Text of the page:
Congratulations Ming! What an inspired decision on the part of Hasselblad and I am sure that you will be a good fit!

  14. Tibor Kadar says:

    Congratulations! I hope the new position will be the fulfilment of all your experience and aspirations on camera design and IQ expectations. I also hope that Hasselblad (if not somebody else) will launch a fixed lens MF camera at a little more affordable price (Leica Q or Fujifilm X100 style).

  15. Congratulations! Love your great work! Hope that adding a real photographer like yourself in their team will allow them to make even better cameras by reflecting your great experience in photography! 🙂

    Just saying off my personal wish (without a physics background): a mirrorless 55x41mm sony sensor camera like the x1d with ff lens equivalents like 16-35 f4, 50 f1.4, 105 f1.4 would be really so great! :)) hopefully it can come to fruition in a few years time! :))

    • Thanks. Just so you know…a 105/1.4 equivalent on the 54×50 sensor would have to be a 160/1.4, with a 114mm diameter leaf shutter…it can be made, but you might not like the cost… 🙂

      • Oops! Guess its not that feasible then :p but still…55×41 mirrorless camera like a x1d! it would be a photographer’s dream! :))

  16. Congratulations, Ming! This is the best photography related news that I have heard all year. Hasselblad, DJI and Ming Thein? The Dream Team is here! Things just got real and the photography world will never be the same. I can’t wait. Bring it.

  17. John Pangilinan says:

    Congrats Ming! I was looking forward one day to doing your email school of photography once I have the budget/money/time, but either way, rooting for your continued success and attention to excellence in your new endeavor!

    • Thanks John, that’s one of the things I had to cut unfortunately – current students will of course continue to be served til the end of their courses, but future intake is shelved for now.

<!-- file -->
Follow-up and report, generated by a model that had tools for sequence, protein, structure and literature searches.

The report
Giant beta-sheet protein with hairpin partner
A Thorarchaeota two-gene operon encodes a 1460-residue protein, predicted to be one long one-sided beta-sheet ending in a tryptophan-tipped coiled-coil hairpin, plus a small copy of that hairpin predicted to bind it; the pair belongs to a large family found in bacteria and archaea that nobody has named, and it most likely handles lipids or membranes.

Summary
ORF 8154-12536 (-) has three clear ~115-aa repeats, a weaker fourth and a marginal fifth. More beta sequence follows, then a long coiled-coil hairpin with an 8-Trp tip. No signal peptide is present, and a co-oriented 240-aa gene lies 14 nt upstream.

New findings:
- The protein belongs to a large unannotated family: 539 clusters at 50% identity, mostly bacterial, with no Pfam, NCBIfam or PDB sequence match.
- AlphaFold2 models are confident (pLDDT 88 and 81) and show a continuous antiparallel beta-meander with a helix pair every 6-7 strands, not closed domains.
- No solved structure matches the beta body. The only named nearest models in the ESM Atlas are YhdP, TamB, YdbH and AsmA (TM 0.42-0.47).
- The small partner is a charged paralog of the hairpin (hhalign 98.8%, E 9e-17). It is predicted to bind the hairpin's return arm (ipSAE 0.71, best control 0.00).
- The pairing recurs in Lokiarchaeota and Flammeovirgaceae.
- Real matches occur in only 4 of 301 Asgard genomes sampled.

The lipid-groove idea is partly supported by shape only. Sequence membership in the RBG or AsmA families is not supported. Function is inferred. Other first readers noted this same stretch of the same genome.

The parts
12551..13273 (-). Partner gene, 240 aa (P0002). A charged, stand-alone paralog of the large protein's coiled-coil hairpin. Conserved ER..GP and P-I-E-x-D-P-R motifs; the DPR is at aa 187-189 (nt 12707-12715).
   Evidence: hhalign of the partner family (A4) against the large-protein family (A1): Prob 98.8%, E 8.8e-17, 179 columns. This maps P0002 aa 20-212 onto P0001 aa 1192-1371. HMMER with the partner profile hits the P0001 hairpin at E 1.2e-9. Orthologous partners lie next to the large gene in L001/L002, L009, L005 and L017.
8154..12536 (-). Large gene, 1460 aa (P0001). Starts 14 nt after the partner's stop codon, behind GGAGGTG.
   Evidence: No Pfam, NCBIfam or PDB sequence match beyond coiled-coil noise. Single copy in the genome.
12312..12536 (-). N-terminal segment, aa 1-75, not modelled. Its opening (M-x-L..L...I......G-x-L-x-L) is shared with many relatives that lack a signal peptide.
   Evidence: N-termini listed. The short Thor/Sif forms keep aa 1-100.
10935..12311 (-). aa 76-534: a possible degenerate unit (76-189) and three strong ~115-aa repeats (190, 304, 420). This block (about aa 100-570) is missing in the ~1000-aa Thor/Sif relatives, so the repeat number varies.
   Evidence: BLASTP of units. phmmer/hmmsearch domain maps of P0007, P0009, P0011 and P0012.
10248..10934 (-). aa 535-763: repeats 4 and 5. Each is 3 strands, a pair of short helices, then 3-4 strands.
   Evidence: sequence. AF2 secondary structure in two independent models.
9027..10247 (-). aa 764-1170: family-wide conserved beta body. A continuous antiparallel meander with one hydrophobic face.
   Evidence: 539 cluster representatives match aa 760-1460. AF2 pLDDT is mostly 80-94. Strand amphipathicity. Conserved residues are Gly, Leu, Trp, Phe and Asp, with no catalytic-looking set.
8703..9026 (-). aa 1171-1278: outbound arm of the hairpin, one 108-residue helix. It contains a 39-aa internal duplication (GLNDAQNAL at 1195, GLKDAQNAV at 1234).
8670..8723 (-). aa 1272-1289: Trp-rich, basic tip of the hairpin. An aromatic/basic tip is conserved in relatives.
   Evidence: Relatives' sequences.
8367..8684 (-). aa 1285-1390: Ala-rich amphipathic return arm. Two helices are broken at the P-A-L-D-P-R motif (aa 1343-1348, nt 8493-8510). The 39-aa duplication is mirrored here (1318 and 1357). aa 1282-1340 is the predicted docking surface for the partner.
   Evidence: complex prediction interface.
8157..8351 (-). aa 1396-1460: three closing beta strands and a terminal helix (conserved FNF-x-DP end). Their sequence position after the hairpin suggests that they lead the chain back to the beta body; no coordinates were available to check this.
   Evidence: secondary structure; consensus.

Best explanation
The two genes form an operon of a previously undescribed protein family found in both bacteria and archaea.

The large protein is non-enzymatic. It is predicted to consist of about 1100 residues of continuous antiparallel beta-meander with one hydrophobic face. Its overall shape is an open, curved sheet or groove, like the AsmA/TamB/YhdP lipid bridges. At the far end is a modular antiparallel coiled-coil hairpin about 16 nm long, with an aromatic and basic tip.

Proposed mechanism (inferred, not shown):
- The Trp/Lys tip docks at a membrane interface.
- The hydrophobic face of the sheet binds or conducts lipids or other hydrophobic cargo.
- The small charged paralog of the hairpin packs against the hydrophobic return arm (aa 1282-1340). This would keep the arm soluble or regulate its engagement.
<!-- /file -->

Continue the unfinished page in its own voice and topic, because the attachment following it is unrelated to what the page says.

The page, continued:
18. Antono yuwono says:

    As an X1D buyer (i had sold my pentax 645z… and no i have not yet received my X1D
    ), I am really happy you join them.. just hoping that they will listen to tour inputs and implement them to make the cameras better and better.

    Keep up the good work… and btw when will you go to jakarta again?



    • X1D production is going flat out as far as I know – so hopefully the wait won’t be too much longer.

      Jakarta: no plans in the near future 🙂

  19. Rick L Barton says:

    Hi Ming—Nicely done—Congratulations !

  20. Congratulations! It’s so great that a photographer like you gets to play a role in shaping the industry. I’m looking forward to Hasselblad’s future with your direction!

  21. Know you’re involved with Hasselblad makes me want to buy a Hasselblad!
    Now… off to rob a bank 😉

  22. Congratulations Ming! Hoping it will prove a great fit. It seems like Hasselblad has made an amazing choice in bringing you on for this role.



  23. I just read the news over at Lloyd’s site… the smile on my face is ridiculous. Congratulations, Ming!

  24. Brian Nicol says:

    Wow – Congratulations! I cannot wait to see the future of Hasselblad. Strategic planning is so critical to the success of a company and I cannot think of a better person to be in this position. you bring a rare blend of technical expertise and artistic talent plus business acumen. Hasselblad is blessed to have you. I hope this becomes a blessing for you and your family. I hope you will continue to share your wisdom with us – the photographic community is a much better place due to your generous contribution to it!

  25. I wish you Joy in the new position.

    Have been using H products since 1986 … love the history and the ethic …

    I do hope that you will be able to impart your vision and aspirations as you work with
    the company in transition. They have shown a prescient awareness of their need to be
    forward looking in their choice of Chief of Strategy.

    Rarely does a company entertain the worldview and experience of an accomplished
    photographer … they benefit from your training and experience. This announcement was the
    tipping point for me to embrace the X1D … dropping an extensive Leica M system …

    The danger is that the stresses of the position will decrease your pleasure in the process.

    As a physician I cannot light a Macanudo but I will swill a single malt to express my pleasure in
    your success.


    Bob Moore

  26. Congratulations, and now remember…. when the going get tough the tough get going……. transfer your ideas to the company, and I’m confident, the things can only get better. Best whishes and always remember to be a photographer.

    • It’s about the image, first and last – the rest is a means to get there. But perhaps I could have chosen a simpler route, haha